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5 Features Apple NEEDS To Steal From Android Marshmallow

Know Your Mobile logo Know Your Mobile 28-12-2015 Michael Grothaus

5 Features Apple NEEDS To Steal From Android Marshmallow© 5 Features Apple NEEDS To Steal From Android Marshmallow

The debate about whether iOS or Android is the best platform has raged on since, well… forever. Android is the biggest platform in the world by quite margin, but Apple makes the most money and Google likes to get almost all of its services up and running on Apple’s iPhone, which means you can switch from iOS to Android pretty damn easily. Go the other way, though, and things get a little dicey. 

This is because of Google and Apple’s divergent business models which, while appearing rather similar on the surface, are very different once you get into the guts of how each functions and the end results both are after. Google, for instance, is ALL about advert revenue, Google Play and its suite of services -- Google Maps, YouTube and the like -- and wants to get these apps and services up and running on as many devices and machines as possible. This is why you get access to Google services on iPhone and MacBooks but don’t get things like Pages or iBooks on Android, for instance. Apple is ALL about hardware and software and uses the former to generate cash through the latter; it controls every aspect of every device and transaction inside its iOS ecosystem.

Apple’s ecosystem is a walled-garden, one you gain access to by buying an Apple product like an iPhone, iPad or MacBook. Once you’re inside Apple’s ecosystem, however, you’re locked in and it is rather hard to access core services -- iTunes stuff like films and music, for instance -- on non-Apple machines and devices. Google does things differently, however, and lets you access most of its stuff on either Android or iOS. Google has a much more open approach to this type thing compared to Apple but, again, this is down to how both companies go about making their money. Google is essentially in the advertising business, while Apple is more or a straight-up technology company.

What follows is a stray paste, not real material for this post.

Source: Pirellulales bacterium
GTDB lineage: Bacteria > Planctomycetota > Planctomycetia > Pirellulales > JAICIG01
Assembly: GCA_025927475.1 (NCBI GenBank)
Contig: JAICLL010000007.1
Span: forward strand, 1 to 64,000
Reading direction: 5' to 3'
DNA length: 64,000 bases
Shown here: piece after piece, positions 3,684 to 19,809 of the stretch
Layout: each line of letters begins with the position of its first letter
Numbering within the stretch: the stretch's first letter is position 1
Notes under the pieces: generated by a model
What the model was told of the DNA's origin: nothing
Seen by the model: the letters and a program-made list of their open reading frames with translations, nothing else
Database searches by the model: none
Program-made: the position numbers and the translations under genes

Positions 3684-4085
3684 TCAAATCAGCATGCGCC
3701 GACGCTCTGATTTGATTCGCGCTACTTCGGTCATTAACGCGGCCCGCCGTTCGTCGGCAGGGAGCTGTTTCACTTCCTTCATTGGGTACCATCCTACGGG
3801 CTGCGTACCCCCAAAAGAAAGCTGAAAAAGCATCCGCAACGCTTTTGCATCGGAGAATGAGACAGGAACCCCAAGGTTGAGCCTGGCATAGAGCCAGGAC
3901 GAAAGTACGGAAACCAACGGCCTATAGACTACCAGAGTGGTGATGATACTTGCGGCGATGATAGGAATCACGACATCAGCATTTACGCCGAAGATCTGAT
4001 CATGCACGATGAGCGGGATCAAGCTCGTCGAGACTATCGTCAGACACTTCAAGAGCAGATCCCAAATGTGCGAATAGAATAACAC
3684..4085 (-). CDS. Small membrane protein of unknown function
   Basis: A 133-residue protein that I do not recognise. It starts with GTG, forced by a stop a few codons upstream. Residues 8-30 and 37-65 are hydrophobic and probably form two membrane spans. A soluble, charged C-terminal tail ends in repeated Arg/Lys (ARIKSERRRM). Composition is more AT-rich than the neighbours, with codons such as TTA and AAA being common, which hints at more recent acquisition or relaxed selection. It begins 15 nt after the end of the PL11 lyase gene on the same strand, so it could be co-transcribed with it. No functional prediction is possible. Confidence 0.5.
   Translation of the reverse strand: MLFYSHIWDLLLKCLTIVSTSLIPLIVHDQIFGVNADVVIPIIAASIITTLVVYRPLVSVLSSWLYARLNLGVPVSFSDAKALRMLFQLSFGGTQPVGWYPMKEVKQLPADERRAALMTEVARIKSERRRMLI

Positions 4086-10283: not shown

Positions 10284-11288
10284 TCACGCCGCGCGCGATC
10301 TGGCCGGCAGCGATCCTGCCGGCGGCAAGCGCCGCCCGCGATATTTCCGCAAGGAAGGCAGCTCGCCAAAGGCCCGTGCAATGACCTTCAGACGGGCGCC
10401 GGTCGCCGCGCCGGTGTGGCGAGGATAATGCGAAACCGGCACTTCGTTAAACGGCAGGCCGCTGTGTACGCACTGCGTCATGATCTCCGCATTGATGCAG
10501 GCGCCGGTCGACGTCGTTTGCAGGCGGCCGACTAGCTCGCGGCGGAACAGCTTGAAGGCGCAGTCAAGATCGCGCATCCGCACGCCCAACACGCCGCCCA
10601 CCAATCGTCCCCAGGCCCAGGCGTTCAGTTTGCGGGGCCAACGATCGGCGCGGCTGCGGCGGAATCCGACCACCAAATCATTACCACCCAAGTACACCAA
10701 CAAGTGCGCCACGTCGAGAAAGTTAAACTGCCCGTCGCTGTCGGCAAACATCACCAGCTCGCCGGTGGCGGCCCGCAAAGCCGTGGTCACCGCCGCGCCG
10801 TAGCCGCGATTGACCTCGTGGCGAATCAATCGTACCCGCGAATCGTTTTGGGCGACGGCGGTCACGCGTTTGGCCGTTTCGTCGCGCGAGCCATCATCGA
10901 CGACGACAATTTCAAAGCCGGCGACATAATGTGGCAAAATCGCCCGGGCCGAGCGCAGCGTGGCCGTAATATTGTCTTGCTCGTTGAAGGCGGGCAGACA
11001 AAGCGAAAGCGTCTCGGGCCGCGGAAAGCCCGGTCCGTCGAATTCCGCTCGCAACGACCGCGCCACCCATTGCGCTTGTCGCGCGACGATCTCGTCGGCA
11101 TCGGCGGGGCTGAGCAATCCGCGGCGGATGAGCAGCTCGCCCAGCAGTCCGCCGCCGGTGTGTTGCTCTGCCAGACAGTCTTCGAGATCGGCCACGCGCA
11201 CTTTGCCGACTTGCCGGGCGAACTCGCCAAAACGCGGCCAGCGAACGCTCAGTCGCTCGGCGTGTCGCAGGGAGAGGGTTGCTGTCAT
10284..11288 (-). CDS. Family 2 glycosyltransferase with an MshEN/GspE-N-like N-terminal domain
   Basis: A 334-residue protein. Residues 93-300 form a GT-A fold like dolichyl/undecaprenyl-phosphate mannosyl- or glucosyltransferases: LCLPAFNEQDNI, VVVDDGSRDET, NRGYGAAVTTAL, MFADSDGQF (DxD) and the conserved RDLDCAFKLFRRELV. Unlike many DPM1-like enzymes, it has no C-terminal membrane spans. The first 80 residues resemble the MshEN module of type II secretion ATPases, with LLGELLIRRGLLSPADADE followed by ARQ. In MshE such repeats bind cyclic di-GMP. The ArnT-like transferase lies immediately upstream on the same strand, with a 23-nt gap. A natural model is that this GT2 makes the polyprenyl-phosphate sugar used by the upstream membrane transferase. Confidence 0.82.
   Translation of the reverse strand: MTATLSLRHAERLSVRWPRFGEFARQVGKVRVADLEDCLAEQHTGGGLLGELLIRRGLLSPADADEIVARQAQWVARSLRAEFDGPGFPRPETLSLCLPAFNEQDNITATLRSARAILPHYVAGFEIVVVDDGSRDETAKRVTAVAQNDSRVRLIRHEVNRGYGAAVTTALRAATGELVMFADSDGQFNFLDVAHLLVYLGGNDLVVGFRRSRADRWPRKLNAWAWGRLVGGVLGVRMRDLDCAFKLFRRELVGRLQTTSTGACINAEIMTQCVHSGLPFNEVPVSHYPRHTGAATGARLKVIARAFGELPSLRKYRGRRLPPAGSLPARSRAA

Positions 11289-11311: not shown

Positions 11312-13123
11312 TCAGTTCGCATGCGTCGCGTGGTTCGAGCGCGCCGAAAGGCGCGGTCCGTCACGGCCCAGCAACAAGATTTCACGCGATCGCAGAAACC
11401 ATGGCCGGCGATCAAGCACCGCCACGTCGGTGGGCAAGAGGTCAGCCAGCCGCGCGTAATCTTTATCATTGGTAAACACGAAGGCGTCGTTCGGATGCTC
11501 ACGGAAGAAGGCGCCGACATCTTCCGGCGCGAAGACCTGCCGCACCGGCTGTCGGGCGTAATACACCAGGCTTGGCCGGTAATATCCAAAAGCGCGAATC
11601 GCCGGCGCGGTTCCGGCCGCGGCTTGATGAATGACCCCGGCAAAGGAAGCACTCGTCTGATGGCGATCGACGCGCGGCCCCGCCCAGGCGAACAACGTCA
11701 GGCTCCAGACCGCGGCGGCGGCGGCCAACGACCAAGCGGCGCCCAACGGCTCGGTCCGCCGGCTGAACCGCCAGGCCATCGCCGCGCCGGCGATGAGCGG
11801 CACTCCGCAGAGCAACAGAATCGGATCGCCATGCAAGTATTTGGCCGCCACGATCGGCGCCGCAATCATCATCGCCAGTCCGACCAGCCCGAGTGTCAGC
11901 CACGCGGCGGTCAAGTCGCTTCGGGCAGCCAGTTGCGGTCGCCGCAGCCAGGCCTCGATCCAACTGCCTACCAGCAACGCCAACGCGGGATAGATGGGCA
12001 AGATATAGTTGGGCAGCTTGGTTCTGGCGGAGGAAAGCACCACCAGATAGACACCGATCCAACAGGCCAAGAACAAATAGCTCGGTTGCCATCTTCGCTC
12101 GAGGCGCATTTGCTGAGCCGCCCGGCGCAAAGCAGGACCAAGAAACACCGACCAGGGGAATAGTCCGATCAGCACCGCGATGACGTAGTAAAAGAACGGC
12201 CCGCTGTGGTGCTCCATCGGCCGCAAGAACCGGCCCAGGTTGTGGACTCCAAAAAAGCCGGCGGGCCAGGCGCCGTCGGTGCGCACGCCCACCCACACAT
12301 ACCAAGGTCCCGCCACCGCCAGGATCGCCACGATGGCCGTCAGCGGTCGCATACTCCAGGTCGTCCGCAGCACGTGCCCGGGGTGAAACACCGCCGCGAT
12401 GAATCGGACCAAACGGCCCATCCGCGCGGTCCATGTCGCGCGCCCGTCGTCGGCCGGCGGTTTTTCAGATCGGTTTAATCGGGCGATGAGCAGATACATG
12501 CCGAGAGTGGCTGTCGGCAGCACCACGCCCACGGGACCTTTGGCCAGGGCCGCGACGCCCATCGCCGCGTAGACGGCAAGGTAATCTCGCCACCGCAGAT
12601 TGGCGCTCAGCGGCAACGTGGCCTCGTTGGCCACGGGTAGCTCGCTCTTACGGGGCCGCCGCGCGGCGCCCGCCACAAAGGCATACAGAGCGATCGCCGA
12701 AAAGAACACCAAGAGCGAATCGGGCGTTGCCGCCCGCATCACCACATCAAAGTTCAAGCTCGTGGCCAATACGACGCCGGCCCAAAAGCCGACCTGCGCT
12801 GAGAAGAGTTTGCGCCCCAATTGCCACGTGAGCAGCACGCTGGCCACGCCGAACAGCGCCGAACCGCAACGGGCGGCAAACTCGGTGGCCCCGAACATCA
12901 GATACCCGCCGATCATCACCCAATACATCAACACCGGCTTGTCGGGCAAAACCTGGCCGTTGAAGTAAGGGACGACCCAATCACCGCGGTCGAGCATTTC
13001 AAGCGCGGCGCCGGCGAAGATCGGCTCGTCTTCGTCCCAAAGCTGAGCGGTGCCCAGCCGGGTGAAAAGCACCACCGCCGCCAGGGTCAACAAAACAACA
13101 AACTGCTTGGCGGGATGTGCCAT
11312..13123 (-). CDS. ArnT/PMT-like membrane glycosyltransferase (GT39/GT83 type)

Neither platform is better than

 the other, really. Both are excellent and both have their ups and downs. I use two handsets at present, the Google Nexus 6P and the iPhone 6s, and switch between then as the mood takes me. Traditionally, I am very much an Android user — I love Google Nexus phones. But I also love Apple’s iPhones too. I know, quite a paradox. After using iOS 9 and Android Marshmallow for a few months, though, I have found a TON of features on Marshmallow that Apple is sorely missing aboard its iPhone. 

With that in mind, I decided to put together a post detailing which Android features I’d love to see inside iOS 9 — or iOS 10, which is the next big instalment of Apple’s platform that’s due out mid-way through 2016. 

1. The ability to change default apps

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As much as I love iOS, I have to admit my iPhone never feels like it's truly “mine” – it always feels like I’m borrowing it from Apple. This is mainly because iOS doesn’t allow you to change the default apps it comes preinstalled with: Mail, Calendar, Safari, etc. While these apps are at the top of their game and are fine for 95% of users, power users and more advanced tech geeks would love the ability to set third-party apps as the default apps for their email, calendar, messaging, maps, and web browsing needs. I mean, this is a feature Android has had for a while now and the OS is still standing. How hard can it be to implement on the iPhone?

2. Multiple user accounts

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This is a feature that many Android devices have had since Android 5.0. It’s also been a long requested for iOS--particularly on the iPad—for quite some time: multi-user support. The way this would work is that iOS would allow users to create multiple account